This practice comes from and is slightly adapted from the book Prayers of the Cosmos: Meditations on the Aramaic Words of Jesus. The author looks at what the Aramaic of the Lord’s Prayer and the Beatitudes would have been and what the robust understanding of these teachings were. Ancient languages have layers upon layers of meaning and nuance and Jesus, as a spiritual teacher, used the richness of the language to communicate the subtleties and layers of the inner life.
We’re going to pray with the phrase that we’re used to hearing as “Hallowed be thy name”, the second line of the Lord’s Prayer. In Aramaic is nethqadesh shmakh. The English translation gets this word “hallowed” (meaning holy, set aside, creating space, preparing) from nethqadesh. Shmakh refers to the name. The whole phrase, then, has this sense of “clearing space for the name to dwell” which is right in line with incarnation and what John the Baptist taught. This phrase has two movements within it that are the same movements found in John’s teaching: Stripping away and expansion. The stripping away in our time may be a clearing away of busyness, distractions, anxiety, etc. As we clear things away, as we declutter, there is also more space. There is expansion, there’s more room. This phrase then, nethqadesh shmakh, brings to mind a number of images.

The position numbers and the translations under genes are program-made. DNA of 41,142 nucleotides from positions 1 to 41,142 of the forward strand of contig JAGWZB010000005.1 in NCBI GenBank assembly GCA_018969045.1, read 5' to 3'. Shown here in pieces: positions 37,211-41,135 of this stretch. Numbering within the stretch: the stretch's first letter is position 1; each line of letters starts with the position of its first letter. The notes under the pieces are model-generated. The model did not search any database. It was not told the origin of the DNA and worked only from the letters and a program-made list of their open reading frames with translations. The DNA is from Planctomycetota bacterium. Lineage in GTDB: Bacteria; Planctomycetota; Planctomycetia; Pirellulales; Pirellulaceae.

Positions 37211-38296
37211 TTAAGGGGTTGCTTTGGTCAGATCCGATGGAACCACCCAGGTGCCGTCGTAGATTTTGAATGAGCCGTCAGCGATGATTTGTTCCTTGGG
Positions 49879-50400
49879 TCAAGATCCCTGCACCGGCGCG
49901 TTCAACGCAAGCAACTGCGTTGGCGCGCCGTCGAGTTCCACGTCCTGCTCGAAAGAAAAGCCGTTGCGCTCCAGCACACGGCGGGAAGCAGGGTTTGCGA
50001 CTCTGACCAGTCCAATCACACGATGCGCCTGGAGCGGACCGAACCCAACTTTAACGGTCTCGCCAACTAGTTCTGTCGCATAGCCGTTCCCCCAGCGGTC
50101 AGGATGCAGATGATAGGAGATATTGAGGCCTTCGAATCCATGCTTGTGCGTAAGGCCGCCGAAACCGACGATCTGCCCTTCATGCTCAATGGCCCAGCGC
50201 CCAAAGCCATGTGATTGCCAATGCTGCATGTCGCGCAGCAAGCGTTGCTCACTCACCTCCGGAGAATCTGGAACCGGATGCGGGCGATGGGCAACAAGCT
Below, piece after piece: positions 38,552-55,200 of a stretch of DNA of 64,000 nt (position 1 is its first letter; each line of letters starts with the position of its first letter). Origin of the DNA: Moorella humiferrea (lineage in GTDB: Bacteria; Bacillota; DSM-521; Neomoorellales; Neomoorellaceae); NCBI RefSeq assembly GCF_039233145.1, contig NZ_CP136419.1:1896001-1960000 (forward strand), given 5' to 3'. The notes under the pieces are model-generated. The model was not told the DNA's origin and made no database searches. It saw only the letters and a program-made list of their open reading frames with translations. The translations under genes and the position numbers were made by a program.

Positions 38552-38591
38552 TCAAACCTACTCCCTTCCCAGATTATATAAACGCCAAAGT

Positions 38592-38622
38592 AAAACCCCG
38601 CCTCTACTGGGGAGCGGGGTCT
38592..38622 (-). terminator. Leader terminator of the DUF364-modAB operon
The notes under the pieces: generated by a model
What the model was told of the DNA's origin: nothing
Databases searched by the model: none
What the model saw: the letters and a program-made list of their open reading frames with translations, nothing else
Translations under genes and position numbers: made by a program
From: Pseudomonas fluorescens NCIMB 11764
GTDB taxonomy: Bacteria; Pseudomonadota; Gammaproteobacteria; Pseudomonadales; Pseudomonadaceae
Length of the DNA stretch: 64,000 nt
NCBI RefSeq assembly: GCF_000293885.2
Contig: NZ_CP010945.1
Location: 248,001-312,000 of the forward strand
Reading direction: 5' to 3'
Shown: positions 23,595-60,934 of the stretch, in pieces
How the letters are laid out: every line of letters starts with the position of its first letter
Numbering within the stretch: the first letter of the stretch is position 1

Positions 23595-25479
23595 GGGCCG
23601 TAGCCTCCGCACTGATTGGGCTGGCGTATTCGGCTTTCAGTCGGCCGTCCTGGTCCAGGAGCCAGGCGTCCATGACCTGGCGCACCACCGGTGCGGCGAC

- Creating a room, an altar, or shrine for God to dwell like the Holy of Holies in the Jewish temple; a set apart place
- A gardener clearing away debris and weeds for a special plant; nurturing and tending to it
- Cleaning out a flute that is clogged so it can make the music it was designed to make
Choose an image that you resonate with the most. As you sit with the image, imagine that the Spirit is acting in this way (creating room, clearing away debris, cleaning out a flute) to prepare your inner space.
Turn your attention to the breath. As you breathe in meditate on the expansion of your heart. As you breathe out meditate on the stripping away of all that clogs this expansion.